11 Jul 2013

Find out more about Zidi, the mHealth application winner of the Top App award at East Africa Com 2013

For the first year East Africa Com held an App Gig, dedicated to local app developers wanting to learn more and exchange ideas on developing, promoting and monetising apps in the region. The session included the Top App  competition: a chance for local developers to showcase their apps to the audience. Here the winner - Zidi - shares more information on the concept of its mHealth app.

ZiDi is the first mobile enterprise health management solution for Africa. ZiDi is offered as a cloud-based software service by MicroClinic Technologies, a Nairobi-based company.  ZiDi runs on web-enabled devices, preferably android tablets, in online and offline modes to ensure health workers have 24/7 access to patient data even in the most remote rural health settings.  ZiDi has been successfully beta tested in Kenya and its database currently grows by 1,000 patient records monthly.
Nurses equipped with ZiDi perform one task, i.e., document each patient encounterdemographic profile, history, symptoms, tests, diagnosis and treatmentand ZiDi does the rest.  ZiDi’s streamlined point-and-click closed loop data entry and storage structure guarantees a reliable system that will foster accountability for quality of care, commodities, finances and human capital in health centers & dispensaries in low-income countries.

Key components in ZiDi include:
a)       Electronic medical records (or electronic health record):  health workers can document patient encounters in real-time. ZiDi archives the longitudinal electronic record of an individual patient’s health information that can be easily retrieved for future decision-making and treatment;

b)      TeleHealth (including telemedicine): Cases in ZiDi can be reviewed retrospectively and in real time.  Experts can then advise the health workers on difficult cases from a virtual location;

c)       mHealth (or health through the use of mobile devices): Health workers equipped with ZiDi can send specific text messages or forward generic messages to patients using the tablets. ;

d)      eLearning (including distance education or learning): ZiDi enables gaps in health delivery to be identified.  Custom training videos can therefore be provided to the health workers.  The ZiDi enabled tablets can also be used for patient education and information sharing;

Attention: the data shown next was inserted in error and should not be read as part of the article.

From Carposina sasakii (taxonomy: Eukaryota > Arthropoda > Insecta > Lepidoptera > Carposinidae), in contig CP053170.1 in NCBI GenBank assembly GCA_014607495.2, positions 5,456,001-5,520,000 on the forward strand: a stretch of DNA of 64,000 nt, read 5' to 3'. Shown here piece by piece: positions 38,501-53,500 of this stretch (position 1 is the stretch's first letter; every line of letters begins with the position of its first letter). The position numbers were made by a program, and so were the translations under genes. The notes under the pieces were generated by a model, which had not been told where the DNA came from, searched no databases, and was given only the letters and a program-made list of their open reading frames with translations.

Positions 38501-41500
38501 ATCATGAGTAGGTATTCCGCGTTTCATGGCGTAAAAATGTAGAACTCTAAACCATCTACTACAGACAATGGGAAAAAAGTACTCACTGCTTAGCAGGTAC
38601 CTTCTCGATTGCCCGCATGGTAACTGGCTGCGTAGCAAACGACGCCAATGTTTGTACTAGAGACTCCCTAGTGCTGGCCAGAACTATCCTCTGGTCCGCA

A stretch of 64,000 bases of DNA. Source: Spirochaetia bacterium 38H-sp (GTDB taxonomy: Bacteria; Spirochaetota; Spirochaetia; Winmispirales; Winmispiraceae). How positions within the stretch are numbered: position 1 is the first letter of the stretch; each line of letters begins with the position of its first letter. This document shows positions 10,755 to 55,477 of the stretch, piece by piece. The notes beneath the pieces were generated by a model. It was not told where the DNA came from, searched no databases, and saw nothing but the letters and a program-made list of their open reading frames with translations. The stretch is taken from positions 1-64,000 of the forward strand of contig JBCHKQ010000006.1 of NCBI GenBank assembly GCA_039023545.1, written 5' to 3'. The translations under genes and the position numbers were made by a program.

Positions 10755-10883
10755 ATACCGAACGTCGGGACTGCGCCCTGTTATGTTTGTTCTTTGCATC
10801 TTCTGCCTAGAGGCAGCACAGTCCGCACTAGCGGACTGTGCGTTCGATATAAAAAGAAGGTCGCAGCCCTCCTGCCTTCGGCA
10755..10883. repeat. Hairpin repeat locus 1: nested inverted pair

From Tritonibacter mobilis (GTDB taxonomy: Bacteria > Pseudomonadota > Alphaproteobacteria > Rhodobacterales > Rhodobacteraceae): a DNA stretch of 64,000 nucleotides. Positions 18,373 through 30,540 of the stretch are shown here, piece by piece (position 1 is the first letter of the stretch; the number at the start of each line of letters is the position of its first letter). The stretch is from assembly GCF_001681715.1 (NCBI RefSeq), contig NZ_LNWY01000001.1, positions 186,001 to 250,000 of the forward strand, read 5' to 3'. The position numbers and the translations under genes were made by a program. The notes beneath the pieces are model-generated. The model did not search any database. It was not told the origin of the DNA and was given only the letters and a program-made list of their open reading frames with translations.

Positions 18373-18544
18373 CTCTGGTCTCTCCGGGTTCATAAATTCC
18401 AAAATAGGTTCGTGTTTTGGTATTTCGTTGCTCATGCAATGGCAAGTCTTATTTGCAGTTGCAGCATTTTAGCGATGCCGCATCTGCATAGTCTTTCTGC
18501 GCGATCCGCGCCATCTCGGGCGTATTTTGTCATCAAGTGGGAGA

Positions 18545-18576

e)       Reporting (including utilization rates, inventory, and finances): ZiDi autogenerates reports on service utilization.  The inventory management module analyzes the turnover of drugs, vaccines and supplies and generates an order sheet with forecasts for the next 90 days.  ZiDi also reports on income from services provided and by payment sources, including from vouchers.

f)        Standardization and interoperability: Data collected in ZiDi can be exported as an Excel file for efficient and accurate offline analytics.  The inventory management module uses the WHO classification of essential drugs and supplies. ZiDi ensures that the integrated management of health systems from the national down to the facility level is seamless.

ZiDi provides rights-based access to national, county, district and facility level data through an administrative portal. Health officials, program officers and researchers are guaranteed secure, real-time access to actionable data on disease trends, inventory, fees, and human resource productivity.  Donor organizations can monitor and evaluate health programs from the convenience of their offices.
ZiDi is a disruptive innovation with significant benefits for pharmaceutical and telecom partners. By automating quantification, forecasting and access to essential drugs, pharmaceutical partners will for the first time have access to current information on the market demand for drugs and medical devices in Africa.  Offering continuing medical education to the thousands of health workers in Africa, of which there are close to 75,000 in Kenya alone, will drive data use and benefit the telecom partners.  Implementation of ZiDi in Kenya for example, where there are close to 7,500 public and private clinics, could generate upwards of 150,000 health records daily and consume 1,2 million hours of data per month.  Mobile carriers, tablet manufacturers, satellite and data management network providers alike, can thus benefit from these growth opportunities.

Dr. Moka Lantum, managing partner, MicroClinic Technologies foresees e-health content surpassing social medial and adult content in the not too distant future as solutions like ZiDi penetrate Africa. “It’s an unprecedented opportunity for mobile carriers as revenues from voice decline,” he said.
East Africa Com will return to Nairobi on 20-21 May 2014, with another App Gig session supporting local app developers.

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